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Gardener thinks Powell can be beaten at Commonwealth Games

1 December 2005
www.caribbeannetnews.com

Asafa Powell Asafa Powell
One month after Jamaican 100-metre world record holder Asafa Powell declared his intention to win three gold medals at next March’s Commonwealth Games, Great British's number one ranked sprinter Jason Gardener has played down the Jamaican's chances of winning the 100m.

Gardener, a finallist at the last Games in Manchester, said he does not think Powell can reproduce his world record form at a major championship.

"I think he's (Powell) vulnerable and the jury is out whether he can perform at a major championship," Gardener said.

"The MCG in March will be a whole different ball game for Asafa and, as at any major championship, you have to win rounds and then the final. It's not just about getting yourself up for one race."

Gardener, the reigning World indoor 60metres champion from Budapest, Hungary, has a personal best of 9.98secs, and is optimistic about defeating Powell, especially with his injury problems this year.

"Anything can happen and for everyone to say Asafa is a sure thing at the Games should be careful," the Olympic relay gold medallist said.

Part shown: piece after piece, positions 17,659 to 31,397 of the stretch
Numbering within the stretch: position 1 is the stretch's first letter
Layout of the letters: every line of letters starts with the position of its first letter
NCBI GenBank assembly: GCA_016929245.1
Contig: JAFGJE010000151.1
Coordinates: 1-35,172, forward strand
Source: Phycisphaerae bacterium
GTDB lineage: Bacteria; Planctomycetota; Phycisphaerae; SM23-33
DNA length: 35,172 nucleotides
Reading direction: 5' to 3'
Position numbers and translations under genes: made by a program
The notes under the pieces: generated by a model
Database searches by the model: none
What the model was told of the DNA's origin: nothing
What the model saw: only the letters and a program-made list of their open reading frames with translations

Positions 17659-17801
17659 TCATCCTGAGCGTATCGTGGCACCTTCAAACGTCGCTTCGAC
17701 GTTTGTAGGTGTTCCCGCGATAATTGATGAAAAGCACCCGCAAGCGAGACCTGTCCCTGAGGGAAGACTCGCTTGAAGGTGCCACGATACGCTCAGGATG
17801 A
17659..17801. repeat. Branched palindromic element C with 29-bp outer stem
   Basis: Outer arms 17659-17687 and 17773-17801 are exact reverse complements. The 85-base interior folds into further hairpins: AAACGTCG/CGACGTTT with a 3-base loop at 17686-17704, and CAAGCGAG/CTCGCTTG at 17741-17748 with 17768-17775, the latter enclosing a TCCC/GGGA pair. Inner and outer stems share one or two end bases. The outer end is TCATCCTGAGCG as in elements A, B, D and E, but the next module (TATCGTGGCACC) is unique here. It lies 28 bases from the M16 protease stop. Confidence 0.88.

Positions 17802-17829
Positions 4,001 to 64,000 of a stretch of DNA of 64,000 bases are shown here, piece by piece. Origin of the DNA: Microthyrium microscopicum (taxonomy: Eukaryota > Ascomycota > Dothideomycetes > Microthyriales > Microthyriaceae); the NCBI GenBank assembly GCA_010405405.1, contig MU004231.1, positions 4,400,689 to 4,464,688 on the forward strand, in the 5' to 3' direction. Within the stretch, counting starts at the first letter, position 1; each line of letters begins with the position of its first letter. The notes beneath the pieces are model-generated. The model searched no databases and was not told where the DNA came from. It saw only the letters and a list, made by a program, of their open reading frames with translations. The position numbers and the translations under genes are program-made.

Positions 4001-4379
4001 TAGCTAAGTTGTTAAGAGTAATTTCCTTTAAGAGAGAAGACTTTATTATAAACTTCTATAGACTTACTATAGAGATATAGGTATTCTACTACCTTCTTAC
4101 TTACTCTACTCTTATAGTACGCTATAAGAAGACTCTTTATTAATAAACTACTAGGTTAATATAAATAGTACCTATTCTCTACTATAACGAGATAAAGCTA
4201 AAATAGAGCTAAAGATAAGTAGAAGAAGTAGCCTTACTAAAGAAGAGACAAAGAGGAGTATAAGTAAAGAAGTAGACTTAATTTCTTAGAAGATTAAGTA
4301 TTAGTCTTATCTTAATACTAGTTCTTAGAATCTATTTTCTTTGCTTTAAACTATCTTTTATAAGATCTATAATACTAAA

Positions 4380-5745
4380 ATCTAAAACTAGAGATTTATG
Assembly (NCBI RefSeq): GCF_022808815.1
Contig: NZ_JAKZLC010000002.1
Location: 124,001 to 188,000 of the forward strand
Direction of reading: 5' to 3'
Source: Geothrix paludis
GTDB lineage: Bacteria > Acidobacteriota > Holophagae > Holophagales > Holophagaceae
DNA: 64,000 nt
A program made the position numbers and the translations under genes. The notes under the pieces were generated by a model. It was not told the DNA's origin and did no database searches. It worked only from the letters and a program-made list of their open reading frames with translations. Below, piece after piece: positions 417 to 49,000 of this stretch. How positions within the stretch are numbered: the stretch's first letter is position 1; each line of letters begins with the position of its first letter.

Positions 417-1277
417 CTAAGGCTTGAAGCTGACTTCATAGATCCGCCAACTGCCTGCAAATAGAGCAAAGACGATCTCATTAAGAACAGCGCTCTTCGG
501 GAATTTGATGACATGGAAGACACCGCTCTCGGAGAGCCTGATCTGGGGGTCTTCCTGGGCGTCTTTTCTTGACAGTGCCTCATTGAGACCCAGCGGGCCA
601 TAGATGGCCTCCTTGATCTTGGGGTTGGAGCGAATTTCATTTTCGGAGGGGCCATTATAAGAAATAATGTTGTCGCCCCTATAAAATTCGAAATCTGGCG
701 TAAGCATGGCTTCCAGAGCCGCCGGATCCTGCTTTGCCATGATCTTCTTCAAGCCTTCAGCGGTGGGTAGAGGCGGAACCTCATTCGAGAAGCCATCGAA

"He's had injuries this year and missed quite a few meets, so absolutely there's doubt there.

Gardener has proven his abilities at major championships with five indoor titles, including back-to-back IAAF World Indoor Championships titles and he fancies his chances of producing over the 100m too.

"The 100m will be virtually a world championship or Olympics. The depth in sprinting among Commonwealth runners is incredible but I've beaten most of them and that's encouraging as I want to be on that rostrum."

Gardener is not the only athlete who has raised doubts whether Powell can reproduce his 9.77secs run.

Australian 100m record-holder Patrick Johnson at 9.93sec, said he and several of the country's top sprinters, including Daniel Batman are confident in providing a strong challenge to the fastest man in the world.

"We've got to keep moving the level of sprinting in Australia up," Johnson said.

"I've gone to the highest level but I want others to come up too. I am looking at another three or four years and I've got to encourage these guys that they can start running super quick.



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